Mount Rundle

Elevation: 2949 m
Elevation gain: 1570 m
Mount Rundle is one of the most recognizable peaks in the Canadian Rockies and has probably graced more postcards and calendars than any other summit in the area. Towering directly over Banff, Rundle is particularly beautiful when viewed from several kilometers to the west near Vermillion Lakes. The massive mountain is actually a small mountain range which stretches 12 km in length between Banff and Canmore and features 7 distinct high points, of which the third from the west is the true summit. Despite its prominence, the ascent of the true summit involves difficult climbing and is rarely visited. Much more popular is the scramble route up to the second high point (which is only marginally lower than the third). Reverend Robert Rundle was a missionary who spent time with the Cree and Assiniboine aboriginals in the Banff area from 1840 to 1848 during which time he learned the local language and became heavily involved in their culture. Impressed by his work with these people, John Palliser named the peak in honor of Rundle in 1858. 30 years later, J. J. McArthur made the first ascent of the mountain; in the years since, a great many have followed in his footsteps.
My Ascents:
July 13 2008

Towering above Banff, Mount Rundle is one of the most photographed peaks in the Canadian Rockies. Somewhat surprisingly, the ascent of this massive peak is non-technical. Having recently taken up scrambling, these factors combined to entice me to attempt the Banff behemoth. Little did I know that I would be forced to attempt this postcard peak 3 times before finally enjoying the satisfaction of standing atop its summit!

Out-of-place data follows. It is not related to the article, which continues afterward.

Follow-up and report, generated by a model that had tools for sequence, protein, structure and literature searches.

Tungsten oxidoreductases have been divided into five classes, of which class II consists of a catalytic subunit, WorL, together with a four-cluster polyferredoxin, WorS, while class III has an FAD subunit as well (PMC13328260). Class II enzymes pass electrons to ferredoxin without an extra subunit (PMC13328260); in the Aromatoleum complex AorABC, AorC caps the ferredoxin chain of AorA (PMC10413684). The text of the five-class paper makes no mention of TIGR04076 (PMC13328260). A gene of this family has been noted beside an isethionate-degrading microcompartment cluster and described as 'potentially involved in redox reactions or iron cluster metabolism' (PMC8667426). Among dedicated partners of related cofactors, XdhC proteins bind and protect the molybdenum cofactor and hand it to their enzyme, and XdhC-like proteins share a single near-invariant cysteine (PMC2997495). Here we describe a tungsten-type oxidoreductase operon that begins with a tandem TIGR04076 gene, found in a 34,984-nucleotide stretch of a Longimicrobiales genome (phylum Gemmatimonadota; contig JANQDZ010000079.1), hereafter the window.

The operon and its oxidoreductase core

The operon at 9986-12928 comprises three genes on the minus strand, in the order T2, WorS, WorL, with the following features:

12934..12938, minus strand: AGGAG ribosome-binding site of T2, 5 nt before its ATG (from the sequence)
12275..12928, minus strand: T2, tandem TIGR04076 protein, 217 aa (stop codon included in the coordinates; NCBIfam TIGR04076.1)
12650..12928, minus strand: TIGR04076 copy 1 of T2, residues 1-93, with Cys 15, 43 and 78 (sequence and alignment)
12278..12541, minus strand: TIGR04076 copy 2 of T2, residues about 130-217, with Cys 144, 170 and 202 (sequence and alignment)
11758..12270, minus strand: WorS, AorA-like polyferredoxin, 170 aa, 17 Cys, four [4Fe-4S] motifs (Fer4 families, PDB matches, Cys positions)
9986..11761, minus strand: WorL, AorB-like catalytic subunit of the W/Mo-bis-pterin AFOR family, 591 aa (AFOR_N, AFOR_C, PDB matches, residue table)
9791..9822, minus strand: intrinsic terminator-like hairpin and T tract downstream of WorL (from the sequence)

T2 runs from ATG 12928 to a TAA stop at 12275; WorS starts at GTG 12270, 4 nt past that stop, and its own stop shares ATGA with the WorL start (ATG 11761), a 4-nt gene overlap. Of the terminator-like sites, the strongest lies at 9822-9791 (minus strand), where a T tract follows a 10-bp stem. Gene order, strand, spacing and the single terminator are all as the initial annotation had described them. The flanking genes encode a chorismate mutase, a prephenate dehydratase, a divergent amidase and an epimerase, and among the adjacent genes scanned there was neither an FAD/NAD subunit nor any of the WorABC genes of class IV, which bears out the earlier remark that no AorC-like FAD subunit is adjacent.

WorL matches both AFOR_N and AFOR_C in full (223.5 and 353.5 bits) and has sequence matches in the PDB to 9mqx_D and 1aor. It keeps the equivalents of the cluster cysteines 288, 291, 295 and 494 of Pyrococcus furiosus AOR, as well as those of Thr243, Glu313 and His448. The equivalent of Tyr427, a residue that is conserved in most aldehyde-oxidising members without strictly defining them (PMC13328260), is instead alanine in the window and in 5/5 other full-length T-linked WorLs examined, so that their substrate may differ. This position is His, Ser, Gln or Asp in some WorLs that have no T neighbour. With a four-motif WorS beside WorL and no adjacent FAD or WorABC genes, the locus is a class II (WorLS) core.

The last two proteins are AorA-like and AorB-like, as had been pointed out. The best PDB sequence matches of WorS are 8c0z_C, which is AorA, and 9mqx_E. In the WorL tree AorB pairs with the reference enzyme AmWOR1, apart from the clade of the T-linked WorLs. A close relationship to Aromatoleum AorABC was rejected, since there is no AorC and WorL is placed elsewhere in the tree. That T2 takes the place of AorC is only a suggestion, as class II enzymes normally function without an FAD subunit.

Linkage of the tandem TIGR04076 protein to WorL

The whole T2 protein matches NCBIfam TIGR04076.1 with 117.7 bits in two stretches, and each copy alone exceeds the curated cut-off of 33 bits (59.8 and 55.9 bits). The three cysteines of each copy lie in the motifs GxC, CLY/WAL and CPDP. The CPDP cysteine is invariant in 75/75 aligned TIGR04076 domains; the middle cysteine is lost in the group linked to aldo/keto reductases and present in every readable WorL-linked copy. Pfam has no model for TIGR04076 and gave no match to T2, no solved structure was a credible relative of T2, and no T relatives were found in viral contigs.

Attempt 1 - August 31 2007

After hiking along a well-established but viewless trail for what felt like an eternity, I finally arrived at the central gully, above which the lower northern summit can be seen. From here the route crosses the gully to gain a steep, treed (at first) ridge called the Dragon’s Back.

Looking down the central gully towards Sulfur Mountain.

Shortly after breaking the tree line, I found myself quickly retreating as an afternoon thunderstorm moved in quickly from the west.

The view from my makeshift rain shelter back at the tree line.

Waiting out the first thunder storm under a tangle of trees.

Once the storm passed, I decided to continue back upwards. Above the tree line, the views of the extensive Rundle massif to the south provided inspiration to persist up the steep scree and slab of the Dragon’s Back.

Looking back down the Dragon's back towards Sulfur Mountain, another thunder-storm brewing in the distance...

Views of Banff from the Dragon's Back.

The true summit still a ways above. This was as high as I got before being chased down by thunder-storm #2.

Storm's a brewin'...

Defeated, I decided to call it a day and head back down rather than ascend the summit amidst the flurry of thunder-storms.

Attempt 2 - November 12 2007